Phylogentic analysis

SPASc was compared by DNAstar with homologous proteins obtained from the Genebank, which included SPA of S. equi subsp. zooepidemicus MGCS10565 (Accession YP_002124118) (SpaZ), M protein of S. equi (MSe) (Accession AAB71984), SPA of S. pyogenes (SPASp) (Accession ACD81471), and M protein of Streptococcus. sp (MSsp) (Accession CAA42694). Those amino acid sequences were aligned with DNAstar by ClustalW method to analyze phylogenetic relationship. Figure 1 shows that SPASc and SpaZ share a common ancestry with 50.6% homology. SPASc was much more similar to MSe and SPASp (33.7% and 33.2%, respectively) than MSsp (24.3%).
Fig. 1

Phylogenetic analysis of SPASc with homologous proteins. The amino acid of SPASc and related proteins were aligned by DNAstar. The phylogenetic tree was constructed by the ClustalW method based on the alignment. Abbreviation and GeneBank accession number for each sequence are: SpaZ, SPA of S. equi subsp. zooepidemicus MGCS10565 (YP_002124118); MSe, M protein of S.equi (AAB71984); SPASp, SPA of Streptococcus. pyogenes (ACD81471), and MSsp, M protein of Streptococcus. sp (CAA42694)

Expression and purification of recombinant SPASc

Recombinant SPASc was purified by nickel exchange chromatography (Fig. 2b). Reactivity of the recombinant protein with the convalescent serum pool is shown on Fig. 2d.
Fig. 2

SDS-PAGE of a purified recombinant SPASc (lane b) stained by Protoblue Safe Stain and immunoblot of purified SPASc reacted with convalescent dog sera (lane d) showed with protein markers (lane a and c)

Passive mouse protection tests with SPASc specifc rabbit antiserum

ELISA showed that the OD value of SPASc specific rabbit antiserum (1:100) was up to 2.6, compared with OD 0.1 of naïve rabbit serum, indicating that rabbits produced significantly high titer to SPASc after 3 immunizations. Passive mouse protection examination was performed to examine the protective role of SPASc. Results demonstrated that 9 out 10 mice in the control group, which was inoculated with the naïve rabbit serum before challenged with 3.1 × 107 CFU, died from the challenge (Table 1). However, only 2 of 10 mice pretreated with SPASc specific rabbit antiserum died from the challenge, showing higher rates of survival and these were statistically different from the control group (p ≤ 0.05). The mice that received the same amount of SPASc specifc rabbit antiserum and challenged with 6.2 × 107 CFU were less protected (6/10 in Test B). Taken together, these results demonstrated the protective role of SPASc.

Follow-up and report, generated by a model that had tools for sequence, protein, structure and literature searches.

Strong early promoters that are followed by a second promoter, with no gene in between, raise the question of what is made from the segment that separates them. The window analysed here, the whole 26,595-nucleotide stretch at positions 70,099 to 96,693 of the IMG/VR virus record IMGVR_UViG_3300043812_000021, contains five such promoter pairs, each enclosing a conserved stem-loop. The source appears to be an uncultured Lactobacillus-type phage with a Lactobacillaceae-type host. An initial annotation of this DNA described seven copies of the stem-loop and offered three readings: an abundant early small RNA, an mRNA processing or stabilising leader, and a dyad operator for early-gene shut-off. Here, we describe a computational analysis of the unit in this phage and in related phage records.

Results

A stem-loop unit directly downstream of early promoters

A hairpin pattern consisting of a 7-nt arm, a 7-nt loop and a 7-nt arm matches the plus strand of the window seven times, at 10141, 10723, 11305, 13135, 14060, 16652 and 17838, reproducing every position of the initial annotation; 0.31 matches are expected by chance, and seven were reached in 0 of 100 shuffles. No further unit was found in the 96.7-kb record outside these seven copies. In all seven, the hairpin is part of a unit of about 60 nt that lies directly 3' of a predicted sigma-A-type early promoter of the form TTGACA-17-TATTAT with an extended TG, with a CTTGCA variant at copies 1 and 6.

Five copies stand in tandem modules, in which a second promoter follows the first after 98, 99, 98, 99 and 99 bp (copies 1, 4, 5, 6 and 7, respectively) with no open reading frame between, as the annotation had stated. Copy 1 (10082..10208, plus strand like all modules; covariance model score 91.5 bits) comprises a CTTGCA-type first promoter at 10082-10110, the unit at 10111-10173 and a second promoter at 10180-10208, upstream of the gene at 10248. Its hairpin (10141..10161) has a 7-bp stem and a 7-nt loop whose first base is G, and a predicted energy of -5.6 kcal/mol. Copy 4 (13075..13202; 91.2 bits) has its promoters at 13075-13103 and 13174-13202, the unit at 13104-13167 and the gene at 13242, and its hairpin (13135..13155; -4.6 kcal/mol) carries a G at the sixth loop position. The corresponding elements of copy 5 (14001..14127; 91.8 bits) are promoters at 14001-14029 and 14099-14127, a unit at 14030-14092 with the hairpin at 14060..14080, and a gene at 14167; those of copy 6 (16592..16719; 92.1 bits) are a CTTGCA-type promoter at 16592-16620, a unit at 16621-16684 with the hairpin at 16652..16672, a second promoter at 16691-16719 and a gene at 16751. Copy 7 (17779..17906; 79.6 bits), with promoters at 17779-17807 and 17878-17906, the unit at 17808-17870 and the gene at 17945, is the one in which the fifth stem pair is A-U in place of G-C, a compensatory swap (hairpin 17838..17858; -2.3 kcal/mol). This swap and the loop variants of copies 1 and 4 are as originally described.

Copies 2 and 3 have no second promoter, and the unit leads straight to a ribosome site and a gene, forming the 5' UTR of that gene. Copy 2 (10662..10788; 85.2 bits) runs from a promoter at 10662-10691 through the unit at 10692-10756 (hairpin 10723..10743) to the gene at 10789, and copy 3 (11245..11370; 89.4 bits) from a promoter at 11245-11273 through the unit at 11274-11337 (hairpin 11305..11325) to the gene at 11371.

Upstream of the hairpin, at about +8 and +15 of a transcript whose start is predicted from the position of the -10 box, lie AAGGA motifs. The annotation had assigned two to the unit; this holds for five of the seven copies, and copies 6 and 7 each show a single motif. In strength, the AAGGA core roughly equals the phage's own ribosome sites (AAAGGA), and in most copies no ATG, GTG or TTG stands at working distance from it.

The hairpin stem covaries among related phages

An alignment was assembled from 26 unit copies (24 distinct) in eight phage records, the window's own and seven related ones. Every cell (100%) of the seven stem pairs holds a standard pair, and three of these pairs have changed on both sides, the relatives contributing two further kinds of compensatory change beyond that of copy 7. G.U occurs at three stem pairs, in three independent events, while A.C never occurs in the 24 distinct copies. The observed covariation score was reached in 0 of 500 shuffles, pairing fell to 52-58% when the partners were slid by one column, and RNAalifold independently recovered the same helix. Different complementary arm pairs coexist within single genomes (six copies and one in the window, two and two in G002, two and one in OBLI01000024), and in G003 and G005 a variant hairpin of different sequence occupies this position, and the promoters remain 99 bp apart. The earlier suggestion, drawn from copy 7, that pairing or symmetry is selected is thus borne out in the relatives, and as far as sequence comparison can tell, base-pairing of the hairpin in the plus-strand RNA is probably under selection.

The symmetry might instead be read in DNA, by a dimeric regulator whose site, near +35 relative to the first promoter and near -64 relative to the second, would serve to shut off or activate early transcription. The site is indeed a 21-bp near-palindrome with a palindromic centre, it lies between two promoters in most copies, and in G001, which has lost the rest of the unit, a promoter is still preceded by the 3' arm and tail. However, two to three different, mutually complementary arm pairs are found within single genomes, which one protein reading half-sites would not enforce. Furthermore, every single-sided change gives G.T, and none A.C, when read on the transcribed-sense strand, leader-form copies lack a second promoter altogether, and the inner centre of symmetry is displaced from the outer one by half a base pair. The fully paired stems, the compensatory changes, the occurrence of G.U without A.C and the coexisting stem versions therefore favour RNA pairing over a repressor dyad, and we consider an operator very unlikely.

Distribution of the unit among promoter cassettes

Table 1

Passive mouse protection test with antiserum to SPASc


Inoculated serum

Challenged CFU



Naïve serum

3.1 × 107 CFU


Test A

Rabbit antiserum to SPASc

3.1 × 107 CFU


Test B

Rabbit antiserum to SPASc

6.2 × 107 CFU


Mice of different groups were given 0.5 ml of rabbit antiserum indicated above via the intraperitoneal route. After 24 hours, all the mice were challenged using the same route with the indicated number of streptococci that had been grown to early log-phase in THB. In the control group, all died except for one. Test A and B pretreated with SPASc specific rabbit antiserum had higher rates of survival, and these were statistically different from the control group (p ≤ 0.05).

Opsonization of SPASc-specific antiserum

Neutrophils in canine plasma were incubated with S. canis which is opsonized with either SPASc specific rabbit antiserum or rabbit naïve serum. Bacterial survival of neutrophils for each treatment is expressed as a percentage of numbers (CFU) of S. canis following incubation for 60 min in the naïve rabbit serum. The data from Fig. 3 showed SPASc-specific antiserum was opsonic.
Fig. 3

Opsonization of SPASc-specific antiserum. Neutrophils in canine plasma were incubated with S. canis opsonized with SPASc specific rabbit antiserum and with rabbit naïve serum. Bacterial survival of neutrophils for each treatment is expressed as a percentage of numbers (CFU) of S. canis following incubation for 60 min in the naïve rabbit serum. Vertical bars are standard errors of the mean calculated from the three time results of experiments